The windows glow with warmth as we approach the front door. Inside the chatter amongst friends blends in the air nicely along with the clinking of glasses. 11 at night on a Wednesday and Tria Taproom is buzzing with people.
I shuffle in with my friend and we find two seats open at the bar. We order our drinks and as the evening goes on we find ourselves becoming part of the chatter, warmth, and relaxed environment that is Tria Taproom.
Opened in November 2013 Tria Taproom is located at 2005 Walnut Street in Rittenhouse Square, Philadelphia. Owners Jon Myerow and Michael McCaulley had the idea to create a greener restaurant, using fewer bottles than their Tria Cafes.
“So we did it,” said Jon Myerow.
Every beer, wine, cider, and soda is served on tap, providing no more bottle waste. On top of that their draft menu is online and accessible by any device; a tablet is provided for pondering over your drink choices if you haven’t checked them out on your smartphone already. I definitely enjoy taking a peek in advance, then narrowing it down when I get there.
The drink menu also gives the type of beverage (wine, beer, cider, soda), origin, description, and ABV as well as how much is left in the keg. This provides an interactive feature and is helpful if you’re debating between two and one is almost out.
Beer sells the most followed by wine. Right now there are only two taps for cider so it is a little behind but Jon expects cider to get huge.
When it comes to selecting the beer, wine, and cider that goes onto the drink list Jon Myerow is the beer and cider buyer while Michael McCaulley is the wine buyer.
As for specific beer selections, that is where things get interesting. Jon explained to me how he has a template with “slots” for different styles of beer, which helps to keep the list well balanced. The list consists of 24 beers and can take him over five hours a week to compile. His carefully chosen brews factor in what his distributors are offering, his own personal experience, and the seasonality of the brews at hand.
“You eat peaches in August, and you drink Berliner Weisse in August,” said Jon.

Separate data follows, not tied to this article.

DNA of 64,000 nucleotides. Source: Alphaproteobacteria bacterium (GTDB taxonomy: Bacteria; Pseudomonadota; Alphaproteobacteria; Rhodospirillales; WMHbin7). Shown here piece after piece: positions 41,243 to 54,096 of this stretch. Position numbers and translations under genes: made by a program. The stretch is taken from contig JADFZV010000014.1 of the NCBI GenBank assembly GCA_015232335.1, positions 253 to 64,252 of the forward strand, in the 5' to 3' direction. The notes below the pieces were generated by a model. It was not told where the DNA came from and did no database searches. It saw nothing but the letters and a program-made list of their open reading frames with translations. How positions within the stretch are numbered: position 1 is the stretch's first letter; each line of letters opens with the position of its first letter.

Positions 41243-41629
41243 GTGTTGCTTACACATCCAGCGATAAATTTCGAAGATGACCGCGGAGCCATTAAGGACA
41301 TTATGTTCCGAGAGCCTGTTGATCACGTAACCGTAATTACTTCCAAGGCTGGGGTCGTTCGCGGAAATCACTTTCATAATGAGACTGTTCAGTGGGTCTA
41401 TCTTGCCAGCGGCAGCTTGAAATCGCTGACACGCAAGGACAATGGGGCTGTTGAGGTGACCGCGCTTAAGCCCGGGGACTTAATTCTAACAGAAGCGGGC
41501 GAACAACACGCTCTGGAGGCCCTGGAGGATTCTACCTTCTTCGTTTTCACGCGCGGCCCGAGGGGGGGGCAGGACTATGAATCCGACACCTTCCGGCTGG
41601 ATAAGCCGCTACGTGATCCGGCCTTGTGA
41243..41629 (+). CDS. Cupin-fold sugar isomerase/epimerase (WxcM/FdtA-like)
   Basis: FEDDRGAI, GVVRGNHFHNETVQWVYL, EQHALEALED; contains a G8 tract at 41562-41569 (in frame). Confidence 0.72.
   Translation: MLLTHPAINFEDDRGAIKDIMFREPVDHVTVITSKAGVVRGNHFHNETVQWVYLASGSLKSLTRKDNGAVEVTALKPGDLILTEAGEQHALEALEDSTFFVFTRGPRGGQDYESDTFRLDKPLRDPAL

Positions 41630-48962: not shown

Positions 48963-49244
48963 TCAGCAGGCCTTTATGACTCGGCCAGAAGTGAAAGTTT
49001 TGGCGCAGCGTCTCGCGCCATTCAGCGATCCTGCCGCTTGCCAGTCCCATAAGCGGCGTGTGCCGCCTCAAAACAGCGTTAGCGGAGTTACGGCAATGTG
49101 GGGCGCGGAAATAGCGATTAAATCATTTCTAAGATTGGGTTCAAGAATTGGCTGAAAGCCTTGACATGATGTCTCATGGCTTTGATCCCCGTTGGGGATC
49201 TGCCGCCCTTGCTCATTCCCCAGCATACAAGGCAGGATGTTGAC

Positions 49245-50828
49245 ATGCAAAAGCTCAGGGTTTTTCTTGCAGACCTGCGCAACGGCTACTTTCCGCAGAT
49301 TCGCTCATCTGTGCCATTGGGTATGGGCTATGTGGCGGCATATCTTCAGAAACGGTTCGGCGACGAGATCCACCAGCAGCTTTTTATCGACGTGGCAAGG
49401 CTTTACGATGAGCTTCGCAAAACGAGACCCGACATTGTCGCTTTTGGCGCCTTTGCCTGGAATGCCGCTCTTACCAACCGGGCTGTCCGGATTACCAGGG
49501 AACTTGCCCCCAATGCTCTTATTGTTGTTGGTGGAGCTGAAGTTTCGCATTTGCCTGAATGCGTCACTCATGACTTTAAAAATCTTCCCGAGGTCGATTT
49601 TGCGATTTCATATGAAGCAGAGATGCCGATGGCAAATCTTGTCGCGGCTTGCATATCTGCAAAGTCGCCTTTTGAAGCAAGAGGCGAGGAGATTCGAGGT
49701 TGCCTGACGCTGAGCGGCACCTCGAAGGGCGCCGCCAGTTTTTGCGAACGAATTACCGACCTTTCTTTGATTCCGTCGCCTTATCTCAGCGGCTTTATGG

These seasonal flavors are important to account for, also look out for well-spiced beers especially in the winter. Everyone has his or her favorites though; I admit I myself am a sucker for a good Belgian ale, at the same time I realize there is a lot more to try. For example, I don’t always go for stouts, but I make sure to try a new one every once in a while and they’re usually great, just for different reasons than Belgian ale. Whereas Jon feels malty German beers, such as Bocks and Doppelsticke are underappreciated.
Jon explained the menu to me as, “Sort of like a radio station. Some beers are in heavy rotation, others are one offs that by definition can never return.” A little over a year later and Tria Taproom has carried over 600 different kinds of beers on tap. Having a carefully chosen variety on the drink list can make for some tough decisions. You’re always in good hands with Tria’s staff, they attend a weekly class at Tria’s classroom.
Unrelated but Interesting: Tria also has a Fermentation School where they teach classes on wine, cheese, and beer.
Sometimes the best way to make a selection though can be to try one of each drink, which is what I did that first evening I went to the Taproom. It’s pretty easy to try a few different drinks off the list when you have good company and a place to mingle.
“When I was younger you had to put on a tie to get good wine in a restaurant and all the beer places were more like frat parties. A lot of people are wine people OR beer people, and I’m both. They’re both amazing beverages. It’s like, why can’t we all just get along?” said Jon.
The casual yet sophisticated environment of the Taproom is warm and welcoming, not intimidating. They might know their facts about beer, wine, and cider but everyone there is friendly and happy to answer any drink questions you have. To add to the scene they also serve up flatbreads, cheese, and other snacks to go along with your drinks.